8. This reminds me of the camp 90s movie. I heard that while all-American Guile has such a thick Belgian accent (I suspect Van Damme was exaggerating it), he’s the only one capable of pronouncing Ryu correctly. Even though pronouncing it right is elementary Japanese. I can totally forgive Ryu’s actor mangling the attack names in the arcade game, though, as pronouncing such long (comparatively) names in such a short time can be hard.

    Unfortunately, I don’t remember how I used to pronounce Ryu. But this reminds me of the Angry Video Game Nerd video on Ninja Gaiden, where he says the only kids who pronounced it correctly (instead of Gay-din) were those who watched The Wizard.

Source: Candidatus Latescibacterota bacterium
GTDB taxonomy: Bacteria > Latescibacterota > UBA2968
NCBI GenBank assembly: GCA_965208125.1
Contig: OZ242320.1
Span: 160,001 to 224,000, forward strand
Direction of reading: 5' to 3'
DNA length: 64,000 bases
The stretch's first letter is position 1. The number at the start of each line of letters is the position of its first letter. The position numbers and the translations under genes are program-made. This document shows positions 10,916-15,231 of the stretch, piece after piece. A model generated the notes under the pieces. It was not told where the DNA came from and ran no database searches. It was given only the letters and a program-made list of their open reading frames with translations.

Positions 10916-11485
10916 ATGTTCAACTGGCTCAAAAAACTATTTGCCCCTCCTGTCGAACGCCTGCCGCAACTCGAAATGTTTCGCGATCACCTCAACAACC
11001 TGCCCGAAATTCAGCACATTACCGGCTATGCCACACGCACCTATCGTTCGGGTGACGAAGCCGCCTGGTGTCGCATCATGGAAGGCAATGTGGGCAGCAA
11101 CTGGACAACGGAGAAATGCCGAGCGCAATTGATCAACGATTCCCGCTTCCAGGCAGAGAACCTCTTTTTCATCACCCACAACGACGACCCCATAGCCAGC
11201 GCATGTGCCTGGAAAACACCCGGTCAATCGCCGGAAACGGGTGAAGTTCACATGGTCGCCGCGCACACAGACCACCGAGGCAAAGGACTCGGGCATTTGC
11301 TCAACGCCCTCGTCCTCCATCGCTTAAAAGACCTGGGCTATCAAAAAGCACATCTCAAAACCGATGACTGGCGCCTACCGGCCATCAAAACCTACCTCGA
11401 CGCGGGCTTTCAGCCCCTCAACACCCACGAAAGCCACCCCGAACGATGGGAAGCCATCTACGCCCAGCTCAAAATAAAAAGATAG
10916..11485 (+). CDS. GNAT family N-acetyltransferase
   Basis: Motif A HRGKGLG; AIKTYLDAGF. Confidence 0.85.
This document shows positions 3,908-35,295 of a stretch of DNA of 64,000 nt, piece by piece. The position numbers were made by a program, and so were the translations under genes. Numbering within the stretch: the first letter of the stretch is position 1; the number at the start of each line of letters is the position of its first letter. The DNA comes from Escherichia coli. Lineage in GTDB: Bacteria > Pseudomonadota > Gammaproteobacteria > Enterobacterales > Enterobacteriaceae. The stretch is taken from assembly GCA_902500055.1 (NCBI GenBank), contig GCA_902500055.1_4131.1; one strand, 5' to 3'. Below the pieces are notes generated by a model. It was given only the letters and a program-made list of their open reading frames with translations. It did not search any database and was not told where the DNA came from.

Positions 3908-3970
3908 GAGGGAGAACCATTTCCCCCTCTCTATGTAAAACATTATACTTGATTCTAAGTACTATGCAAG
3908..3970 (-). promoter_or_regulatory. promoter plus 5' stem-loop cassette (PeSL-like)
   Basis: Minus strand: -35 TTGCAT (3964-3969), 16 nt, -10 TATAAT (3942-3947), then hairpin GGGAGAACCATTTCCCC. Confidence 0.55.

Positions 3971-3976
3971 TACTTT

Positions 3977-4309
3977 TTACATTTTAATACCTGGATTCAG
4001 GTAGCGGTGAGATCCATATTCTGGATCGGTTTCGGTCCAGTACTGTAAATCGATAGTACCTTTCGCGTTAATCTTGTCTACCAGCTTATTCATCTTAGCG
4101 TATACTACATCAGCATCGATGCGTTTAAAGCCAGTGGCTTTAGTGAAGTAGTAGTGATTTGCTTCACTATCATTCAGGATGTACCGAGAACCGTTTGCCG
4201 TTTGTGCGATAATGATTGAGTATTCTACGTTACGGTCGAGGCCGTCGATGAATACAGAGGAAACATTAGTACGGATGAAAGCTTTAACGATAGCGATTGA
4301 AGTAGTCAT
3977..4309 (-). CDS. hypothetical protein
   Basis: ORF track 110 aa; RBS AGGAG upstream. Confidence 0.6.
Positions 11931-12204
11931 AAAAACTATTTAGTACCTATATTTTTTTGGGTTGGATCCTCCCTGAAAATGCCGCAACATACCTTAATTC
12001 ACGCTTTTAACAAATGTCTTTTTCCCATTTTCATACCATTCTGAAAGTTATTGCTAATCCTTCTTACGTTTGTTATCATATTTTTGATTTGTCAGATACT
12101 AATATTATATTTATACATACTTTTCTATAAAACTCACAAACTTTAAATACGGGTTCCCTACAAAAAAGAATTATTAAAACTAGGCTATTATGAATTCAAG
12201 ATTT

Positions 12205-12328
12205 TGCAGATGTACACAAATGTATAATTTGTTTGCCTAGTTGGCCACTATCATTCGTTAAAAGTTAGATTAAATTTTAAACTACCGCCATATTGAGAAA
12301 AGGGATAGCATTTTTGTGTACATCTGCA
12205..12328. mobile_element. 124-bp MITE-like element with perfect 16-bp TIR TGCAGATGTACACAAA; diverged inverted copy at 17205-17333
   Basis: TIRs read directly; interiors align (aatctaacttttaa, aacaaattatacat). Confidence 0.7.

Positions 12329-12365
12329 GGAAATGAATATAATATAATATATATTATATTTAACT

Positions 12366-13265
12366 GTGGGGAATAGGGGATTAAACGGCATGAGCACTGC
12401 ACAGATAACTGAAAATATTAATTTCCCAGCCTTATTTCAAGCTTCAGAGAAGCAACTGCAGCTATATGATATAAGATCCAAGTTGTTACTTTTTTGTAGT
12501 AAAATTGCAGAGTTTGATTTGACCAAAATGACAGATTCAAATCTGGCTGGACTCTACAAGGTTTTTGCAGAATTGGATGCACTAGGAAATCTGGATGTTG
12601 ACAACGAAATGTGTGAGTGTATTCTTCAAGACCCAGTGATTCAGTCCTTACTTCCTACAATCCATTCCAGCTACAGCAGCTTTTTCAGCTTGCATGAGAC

Sometimes I have fun by looking at screenshots and try to translate them, without looking at your translations. I almost never succeed, especially when kanji is involved. Even so, when I can easily translate, “What?! Ryu’s not here!”, I get almost disappointed.

    Reply
    1. Haha, yeah, it’s like a combination l and r and d. If anything I feel bad for Japanese speakers who have to try to learn the l and r sounds :X

      Reply
    1. Wrong. Go to “Super Street Fighter II” and play in two player mode. (In one player mode the announcer just says “You win”/”You lose”) There you have it: The characters’ names.

      Reply
  9. I just started watching the Street Fighter Alpha movie on Netflix (entertaining, fun movie by the way), and they pronounce it “Ree-you” with the “Ree” part being shorter. I’m not sure if that’s wrong technically, but this might be the only official English pronunciation (although the actual games might actually, I haven’t played many of the newer ones).